The detention and deportation of Guadalupe Garcia de Rayos sparked protests in Phoenix
. Her attorneys believe this is part of President Donald Trump's executive order focused on removing undocumented immigrants with a history of arrests.
Garcia de Rayos' husband, who wanted to keep his identity private, said he feared his wife would face challenges under the Trump administration.
"My wife is not a threat to the United States. She is a great person," he said. "She is a good citizen regardless of her status. We are a normal family, just like any other American family."
"It was kind of surprising. Since Trump... was elected president we knew what the outcome was going to be," he said. "Him being, not being the president yet and he was already talking bad about immigrants and other race, we knew he was going to attack the Hispanic community and other communities."
After a yearly check-in with federal authorities on Wednesday, Garcia de Rayos was deported. She was taken to Nogales, Mexico where she met with her teenage children Thursday.
Garcia de Rayos is from a town in southern Mexico and illegally came to the U.S. when she was 14. On Thursday she told reporters she doesn't regret anything, and she will continue to fight because she wants her children to have a better life. Both of her kids, now teenagers, were born in the United States.
In 2008 Garcia de Rayos was arrested in a workplace raid and a year later she was convicted of a felony for using a fake social security number to get a job. Her attorneys say that raid was later ruled unconstitutional.
Court records show Garcia de Rayos had been ordered to self-deport in 2013, but she had been making yearly check-ins with U.S. Immigration and Customs Enforcement. Immigration lawyers say under the Obama administration she wasn't a priority for deportation, but believe that may have changed with President Trump.
Now the Mexican government
is urging its citizens in the U.S. to stay informed and keep in contact with the Mexican consulate. In a statement authorities said Mexican nationals face a "new reality" in the U.S.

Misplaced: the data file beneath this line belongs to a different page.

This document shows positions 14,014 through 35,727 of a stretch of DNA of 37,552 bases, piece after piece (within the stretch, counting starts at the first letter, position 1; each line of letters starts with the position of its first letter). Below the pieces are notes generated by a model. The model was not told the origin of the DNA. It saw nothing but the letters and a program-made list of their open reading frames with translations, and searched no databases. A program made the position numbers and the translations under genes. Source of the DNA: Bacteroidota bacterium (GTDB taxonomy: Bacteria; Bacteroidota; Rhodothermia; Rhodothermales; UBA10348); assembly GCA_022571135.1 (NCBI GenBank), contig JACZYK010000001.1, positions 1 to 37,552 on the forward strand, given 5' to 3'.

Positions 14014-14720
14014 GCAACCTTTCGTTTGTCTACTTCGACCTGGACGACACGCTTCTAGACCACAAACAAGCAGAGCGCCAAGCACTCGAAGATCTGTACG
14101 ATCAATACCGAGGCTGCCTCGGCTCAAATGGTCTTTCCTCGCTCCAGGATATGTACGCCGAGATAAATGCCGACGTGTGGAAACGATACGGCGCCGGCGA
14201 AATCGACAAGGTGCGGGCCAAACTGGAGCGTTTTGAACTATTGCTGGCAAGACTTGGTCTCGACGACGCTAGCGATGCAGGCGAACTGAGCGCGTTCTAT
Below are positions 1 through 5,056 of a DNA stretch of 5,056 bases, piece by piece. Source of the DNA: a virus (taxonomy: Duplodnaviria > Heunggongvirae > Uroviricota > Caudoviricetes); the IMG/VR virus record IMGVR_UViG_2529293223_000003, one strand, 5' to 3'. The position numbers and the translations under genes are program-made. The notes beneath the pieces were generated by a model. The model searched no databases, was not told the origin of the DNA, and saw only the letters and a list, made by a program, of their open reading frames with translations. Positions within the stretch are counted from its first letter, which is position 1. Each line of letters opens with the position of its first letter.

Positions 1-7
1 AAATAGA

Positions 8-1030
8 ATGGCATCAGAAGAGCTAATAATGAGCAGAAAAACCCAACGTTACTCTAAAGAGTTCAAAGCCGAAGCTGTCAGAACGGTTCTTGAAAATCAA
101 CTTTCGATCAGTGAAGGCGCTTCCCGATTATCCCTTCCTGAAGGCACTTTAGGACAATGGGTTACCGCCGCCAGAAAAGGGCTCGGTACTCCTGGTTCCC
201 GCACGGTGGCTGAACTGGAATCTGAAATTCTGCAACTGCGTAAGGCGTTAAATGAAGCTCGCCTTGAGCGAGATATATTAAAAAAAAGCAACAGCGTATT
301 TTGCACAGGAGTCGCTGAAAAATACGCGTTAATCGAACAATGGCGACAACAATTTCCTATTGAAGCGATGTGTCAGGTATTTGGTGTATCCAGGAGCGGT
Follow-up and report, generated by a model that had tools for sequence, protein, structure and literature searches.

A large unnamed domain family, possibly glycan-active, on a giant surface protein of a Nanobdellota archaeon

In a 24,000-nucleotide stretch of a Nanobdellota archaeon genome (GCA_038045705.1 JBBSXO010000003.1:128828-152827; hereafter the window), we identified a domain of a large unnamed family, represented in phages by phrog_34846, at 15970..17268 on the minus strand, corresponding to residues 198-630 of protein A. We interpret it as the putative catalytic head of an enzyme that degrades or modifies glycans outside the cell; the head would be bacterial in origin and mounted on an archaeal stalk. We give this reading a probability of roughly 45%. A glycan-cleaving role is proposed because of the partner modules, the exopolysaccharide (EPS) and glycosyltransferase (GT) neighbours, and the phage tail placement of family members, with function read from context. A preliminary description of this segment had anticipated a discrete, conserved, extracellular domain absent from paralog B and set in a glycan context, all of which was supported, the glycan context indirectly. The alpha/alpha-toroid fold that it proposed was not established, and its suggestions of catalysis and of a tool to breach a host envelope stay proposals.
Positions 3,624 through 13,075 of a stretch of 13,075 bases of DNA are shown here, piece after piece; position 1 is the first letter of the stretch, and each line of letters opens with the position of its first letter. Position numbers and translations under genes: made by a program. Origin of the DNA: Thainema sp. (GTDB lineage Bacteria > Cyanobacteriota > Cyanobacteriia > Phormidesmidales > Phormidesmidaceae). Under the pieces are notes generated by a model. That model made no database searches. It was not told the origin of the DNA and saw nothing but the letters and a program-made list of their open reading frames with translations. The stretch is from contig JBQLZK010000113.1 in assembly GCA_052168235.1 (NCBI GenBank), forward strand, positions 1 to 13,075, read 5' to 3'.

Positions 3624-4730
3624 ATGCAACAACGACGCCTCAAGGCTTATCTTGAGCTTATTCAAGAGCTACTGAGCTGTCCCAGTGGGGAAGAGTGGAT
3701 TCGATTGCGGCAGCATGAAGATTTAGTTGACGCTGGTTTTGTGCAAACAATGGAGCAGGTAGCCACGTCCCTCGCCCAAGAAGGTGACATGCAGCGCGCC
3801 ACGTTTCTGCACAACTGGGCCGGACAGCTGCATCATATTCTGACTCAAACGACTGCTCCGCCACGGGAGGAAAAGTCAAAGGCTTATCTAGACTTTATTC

Tucson immigration attorney Selma Taljanovic is now telling clients to carry proper documentation with them at all times. She is also advising them to follow the law and go to necessary appointments with federal authorities.
Another local attorney, Maurice Goldman, is giving similar advice. He says the problem is now people will be less inclined to show up for appointments and communicate with law enforcement because of fears of being deported.
"I hope that at some point Congress can look at this entire situation and come up with a smart and reasoned reform to our immigration laws that will help people get though the process," Goldman said.
According to the Pew Research Center
there are an estimated 35,000 undocumented immigrants in the Tucson area.
The Consulate of Mexico in Tucson
handles about 100 walk-in and scheduled appointments a day. A spokesperson says the priority now is making sure immigrants know their rights and they can get help with paperwork, getting a passport, etc.
The consulate has a 24/7 hotline available at (855) 463 - 6395.
Advocates for stricter immigration laws praise the deportation of Garcia de Rayos. In a statement, ICE said:
"U.S. Immigration and Customs Enforcement (ICE) deportation officers removed Ms. Garcia to Mexico Thursday morning shortly before 10 a.m. MST through the DeConcini Port of Entry in Nogales, Arizona. ICE Enforcement and Removal Operations (ERO) coordinated her repatriation closely with Mexican consular representatives.
Ms. Garcia, who has a prior felony conviction in Arizona for criminal impersonation, was the subject of a court-issued removal order that became final in July 2013. Ms. Garcia's immigration case underwent review at multiple levels of the immigration court system, including the Board of Immigration Appeals, and the judges held she did not have a legal basis to remain in the U.S. ICE will continue to focus on identifying and removing individuals with felony convictions who have final orders of removal issued by the nation's immigration courts."
Immigration experts not familiar with the details of Garcia de Rayos' case say there is no quick and easy way for her to come back into the U.S. legally.